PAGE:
Xiaomi’s success may have also been its downfall

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Xiaomi has had a lot to boast about over the last few years, and it’s certainly taken every opportunity it’s had to do just that, but things were a lot different last year. Everything started off normally, with Xiaomi boasting that it had sold more than 61 million smartphones in 2014, and expected to sell at least 80 million in 2015, but then the company went quiet. Its conspicuous silence raised some suspicions, and when the company finally started talking about its sales again, all it really said was that it no longer considers sales numbers to be important. Obviously that was just an excuse for Xiaomi to keep its sales numbers a secret, because it wasn’t even able to meet the low end of its 2015 sales goals.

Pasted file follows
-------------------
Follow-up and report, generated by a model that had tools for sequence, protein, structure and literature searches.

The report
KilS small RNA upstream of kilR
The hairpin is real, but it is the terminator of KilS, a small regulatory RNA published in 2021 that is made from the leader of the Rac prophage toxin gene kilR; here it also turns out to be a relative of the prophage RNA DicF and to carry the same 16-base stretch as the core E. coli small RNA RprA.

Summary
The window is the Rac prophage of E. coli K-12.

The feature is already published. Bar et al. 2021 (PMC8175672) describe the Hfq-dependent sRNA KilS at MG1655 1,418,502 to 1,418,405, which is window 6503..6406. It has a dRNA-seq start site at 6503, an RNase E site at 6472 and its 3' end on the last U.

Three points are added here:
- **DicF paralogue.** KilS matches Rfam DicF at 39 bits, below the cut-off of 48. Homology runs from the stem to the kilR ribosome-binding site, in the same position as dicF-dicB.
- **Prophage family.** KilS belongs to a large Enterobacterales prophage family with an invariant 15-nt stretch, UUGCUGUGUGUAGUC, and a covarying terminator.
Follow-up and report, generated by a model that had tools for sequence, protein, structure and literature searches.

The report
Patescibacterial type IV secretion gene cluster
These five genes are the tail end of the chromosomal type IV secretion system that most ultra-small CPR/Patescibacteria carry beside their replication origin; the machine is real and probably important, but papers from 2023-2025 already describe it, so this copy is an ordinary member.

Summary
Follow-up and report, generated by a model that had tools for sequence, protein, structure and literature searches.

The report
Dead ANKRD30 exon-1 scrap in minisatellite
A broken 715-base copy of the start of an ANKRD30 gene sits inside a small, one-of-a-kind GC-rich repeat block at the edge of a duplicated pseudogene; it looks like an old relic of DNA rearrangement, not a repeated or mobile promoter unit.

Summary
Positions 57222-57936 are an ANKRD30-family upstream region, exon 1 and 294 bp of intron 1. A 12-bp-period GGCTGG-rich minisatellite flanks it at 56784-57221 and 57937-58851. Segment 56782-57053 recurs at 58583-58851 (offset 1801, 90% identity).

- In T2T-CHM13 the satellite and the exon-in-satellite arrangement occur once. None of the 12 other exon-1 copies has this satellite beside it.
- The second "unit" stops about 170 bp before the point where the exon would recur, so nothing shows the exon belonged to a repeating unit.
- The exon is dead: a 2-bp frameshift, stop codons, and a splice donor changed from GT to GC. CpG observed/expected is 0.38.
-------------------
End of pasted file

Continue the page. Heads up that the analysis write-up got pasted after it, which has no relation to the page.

At the start of 2015, Xiaomi co-founder Lin Bin rung in the new year with a lengthy open letter that celebrated two major milestones: The company had sold 61 million smartphones in 12 months, and it had lured $1.1 billion from investors. Xiaomi is starting 2016 with more humility. After four years of surpassing nearly every sales benchmark it set for itself, the Beijing-based company is now breaking with tradition by declining to reveal its annual smartphone shipments, most likely because it didn’t hit its goal of selling 80 million. After correctly predicting the smartphone industry’s price war, and creating a groundbreaking business model, Xiaomi has become a victim of its own success. The company increasingly looks like every other Android phone maker out there—because its competitors have successfully copied Xiaomi in a race to provide the cheapest, fastest-to-market device out there. Xiaomi’s executives, led by charismatic co-founder Lei Jun, correctly bet that most consumers would view Android smartphones as largely indistinguishable from one another, leading to a price war. In order to keep prices as low as possible, Xiaomi pioneered the idea of selling phones primarily online, directly to consumers. The company relied on a flash sales model to help predict demand (and build up hype), and sold just one or two devices to benefit from bulk pricing on components.

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